Throughout the 1990s, investor-owned utilities have redefined the way they do business to position themselves for competition better. The downside of these efforts is higher rates for small...
The Business for Co-Op Acquisitions
IOUs considering co-op acquisitions are finding fertile territory for growth.
When utility executives consider the options for growing their business within a "back-to-basics" framework, naturally they consider acquiring other utilities. However, the relatively high price/earnings ratios of most investor-owned utilities (IOUs) today means bargains can be hard to find. Also, with PUCs disallowing the recovery of acquisition premiums, and mergers of equals facing daunting "social issues," IOU mergers don't look as attractive as they once did. Thus, many companies are beginning to consider prospects that lie outside the typical utility-merger model to bridge the "growth gap" between Wall Street expectations and the "back to basics" model that the Street has imposed ().
In the course of this analysis, the idea of acquiring electric cooperatives inevitably arises. In the past, conventional wisdom held that such acquisitions were either impossible or not worth the trouble. This "wisdom," however, is ill-founded. Cooperatives can be and have been acquired, and upon examining the fundamentals, utility executives usually sit up and take notice. In fact, at this moment some IOUs are scrutinizing the territory of electric cooperatives with acquisitions in mind.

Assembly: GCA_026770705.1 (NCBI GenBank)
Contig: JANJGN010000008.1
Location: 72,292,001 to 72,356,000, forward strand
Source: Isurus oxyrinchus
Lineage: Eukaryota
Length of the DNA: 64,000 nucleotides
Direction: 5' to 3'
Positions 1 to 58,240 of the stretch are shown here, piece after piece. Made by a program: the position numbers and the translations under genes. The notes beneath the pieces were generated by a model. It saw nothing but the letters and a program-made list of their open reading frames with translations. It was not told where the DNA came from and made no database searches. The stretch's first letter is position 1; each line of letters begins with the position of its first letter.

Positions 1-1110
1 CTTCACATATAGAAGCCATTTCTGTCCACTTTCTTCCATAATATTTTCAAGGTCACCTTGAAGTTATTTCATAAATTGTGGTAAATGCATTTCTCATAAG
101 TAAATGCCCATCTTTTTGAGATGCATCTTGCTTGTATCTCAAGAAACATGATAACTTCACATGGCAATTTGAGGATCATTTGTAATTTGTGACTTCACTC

The reasons are obvious. In short, co-op assets fit into Wall Street's notions of a "back-to-basics" utility business. Co-ops also offer opportunities for significant cost savings and synergies, mainly through rationalized business processes and customer aggregation. And co-op territories are growing faster than IOU territories-in some cases dramatically faster ().
At the same time, however, barriers to co-op acquisition are fairly obvious, too. Namely, co-op directors distrust IOUs and generally rebuff merger inquiries. Co-ops don't have publicly traded stock that IOUs simply can buy. Their financial advantages-vis-à-vis tax-exempt status and government-subsidized loans-are lost in the transition to private ownership. And finally, most co-ops are small and their territories tend to have low customer densities.
All of these barriers are real, and represent negative factors in the cost-benefit calculus. However, in many cases, the pros can outweigh the cons, and IOUs that analyze co-op acquisition candidates are finding fertile territory for growing their core utility business.
Making the Case
Acquiring an electric cooperative differs in some important ways from acquiring an IOU. These differences arise from the ownership structure of an electric co-op. Namely, an electric co-op is literally owned by its members-the co-op's customers. This stake, however, cannot be sold or traded (absent an acquisition or demutualization); it is "trapped" as long as the co-op retains its traditional ownership structure.
Customer/members accumulate their stake in the co-op by contributing a portion of their monthly service bill toward the co-op's "patronage capital." This contribution is involuntary; it is built into the invoice and is not itemized. (While most co-ops refund a portion of long-standing members' cumulative patronage capital contributions each year, individual members usually contribute more in patronage capital than they receive in refunds.) An IOU acquiring a co-op, therefore, typically makes a lump-sum payment equal to each member's accrued stake (with a national median of about $1,400 per member) and retires the co-op's outstanding debt.
The logistics of such a buyout include the need to